American Sign Language for Beginners : Learn Signing Essentials in 30 DaysA 30-day beginner's guide for learning American Sign Language There's an easy way to leap right in to learning American Sign Language (ASL). American Sign Language for Beginners delivers 30 days of lessons that will help you sign with those in your home, community, and classroom. From letters and numbers to essential vocabulary and grammar basics, this beginner's guide provides the essentials needed to develop a solid foundation for American Sign Language in the real world. Each daily lesson takes less than 30 minutes to complete and focuses on a single set of vocabulary or ASL grammar. Throughout the course, you'll find key phrases, helpful memory tips, signing practice activities, and insight into deaf culture. Start your ASL masterclass today. American Sign Language for Beginners includes: 30 Days of easy ASL--Start off right with an accelerated plan designed to help you begin signing in just one month. Easy-to-understand instructions--Lessons concentrate on a single idea or subject and include photographs to demonstrate signs. Everyday phrases--Daily instruction highlights vocabulary you're most likely to need as you explore ASL in your daily life. Jump-start your learning experience with American Sign Language for Beginners!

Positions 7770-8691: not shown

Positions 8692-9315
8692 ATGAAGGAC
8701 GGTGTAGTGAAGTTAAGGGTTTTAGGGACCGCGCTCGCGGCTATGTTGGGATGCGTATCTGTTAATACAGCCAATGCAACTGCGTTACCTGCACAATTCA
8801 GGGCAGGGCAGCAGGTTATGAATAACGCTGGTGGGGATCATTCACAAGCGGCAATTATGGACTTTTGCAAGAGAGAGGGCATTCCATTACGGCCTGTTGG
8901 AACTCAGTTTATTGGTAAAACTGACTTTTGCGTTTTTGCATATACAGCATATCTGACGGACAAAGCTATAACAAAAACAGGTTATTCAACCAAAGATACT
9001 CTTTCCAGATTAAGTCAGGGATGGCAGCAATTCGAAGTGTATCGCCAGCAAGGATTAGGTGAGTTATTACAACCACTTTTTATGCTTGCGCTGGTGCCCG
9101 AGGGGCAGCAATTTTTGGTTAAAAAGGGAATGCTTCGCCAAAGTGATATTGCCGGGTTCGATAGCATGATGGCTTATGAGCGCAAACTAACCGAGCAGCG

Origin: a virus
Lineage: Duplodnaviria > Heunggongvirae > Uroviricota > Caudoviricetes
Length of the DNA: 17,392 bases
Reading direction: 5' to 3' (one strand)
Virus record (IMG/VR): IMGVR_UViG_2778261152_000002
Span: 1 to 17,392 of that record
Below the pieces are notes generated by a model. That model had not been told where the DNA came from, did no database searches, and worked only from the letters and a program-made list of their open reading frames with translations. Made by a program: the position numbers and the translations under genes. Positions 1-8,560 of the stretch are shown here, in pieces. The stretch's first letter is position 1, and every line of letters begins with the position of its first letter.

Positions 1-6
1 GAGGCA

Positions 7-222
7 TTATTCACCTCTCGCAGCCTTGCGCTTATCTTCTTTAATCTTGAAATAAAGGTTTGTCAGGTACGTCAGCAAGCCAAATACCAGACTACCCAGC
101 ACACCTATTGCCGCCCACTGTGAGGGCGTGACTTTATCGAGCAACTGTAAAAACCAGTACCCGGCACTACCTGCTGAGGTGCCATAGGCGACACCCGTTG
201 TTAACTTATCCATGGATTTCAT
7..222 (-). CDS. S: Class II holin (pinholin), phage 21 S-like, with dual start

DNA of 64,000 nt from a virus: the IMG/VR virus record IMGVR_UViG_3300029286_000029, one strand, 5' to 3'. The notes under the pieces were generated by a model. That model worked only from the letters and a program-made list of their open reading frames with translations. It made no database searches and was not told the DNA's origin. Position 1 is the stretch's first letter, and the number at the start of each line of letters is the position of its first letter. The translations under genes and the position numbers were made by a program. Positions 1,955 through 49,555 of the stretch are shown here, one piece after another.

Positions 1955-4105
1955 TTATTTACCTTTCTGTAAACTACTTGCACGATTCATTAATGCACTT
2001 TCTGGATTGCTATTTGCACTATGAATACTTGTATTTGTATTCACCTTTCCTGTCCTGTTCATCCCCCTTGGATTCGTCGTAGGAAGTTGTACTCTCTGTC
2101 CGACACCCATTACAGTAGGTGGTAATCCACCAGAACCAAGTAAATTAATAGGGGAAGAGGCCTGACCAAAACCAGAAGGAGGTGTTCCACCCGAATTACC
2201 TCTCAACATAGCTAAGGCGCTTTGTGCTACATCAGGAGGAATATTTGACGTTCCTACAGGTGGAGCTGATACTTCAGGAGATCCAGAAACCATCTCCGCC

The American Sign Language Phrase BookOpen up a whole new world of communication through ASL You can easily learn ASL with help from The American Sign Language Phrase Book. With more than 500 phrases, this is the reference guide to everyday expressions in American Sign Language, providing a quick way for you to converse with deaf people. Clearly illustrated with hundreds of line drawings, this book focuses on areas such as health, family, school, sports, travel, religion, time, money, food and drink, and small talk. This edition's new chapter on technology boasts 50 phrases to help you communicate about the Internet, computing, video relay, and more. There is even a chapter that gives you phrases for communicating about signing: asking people to sign slower, indicating your fingerspelling ability, and requesting help with your fledgling skills. From asking simple questions (“How are you?”) to more complex phrases (“There's no sign for that, you have to fingerspell it.”), The American Sign Language Phrase Book gives you the power to communicate easily and comfortably in ASL.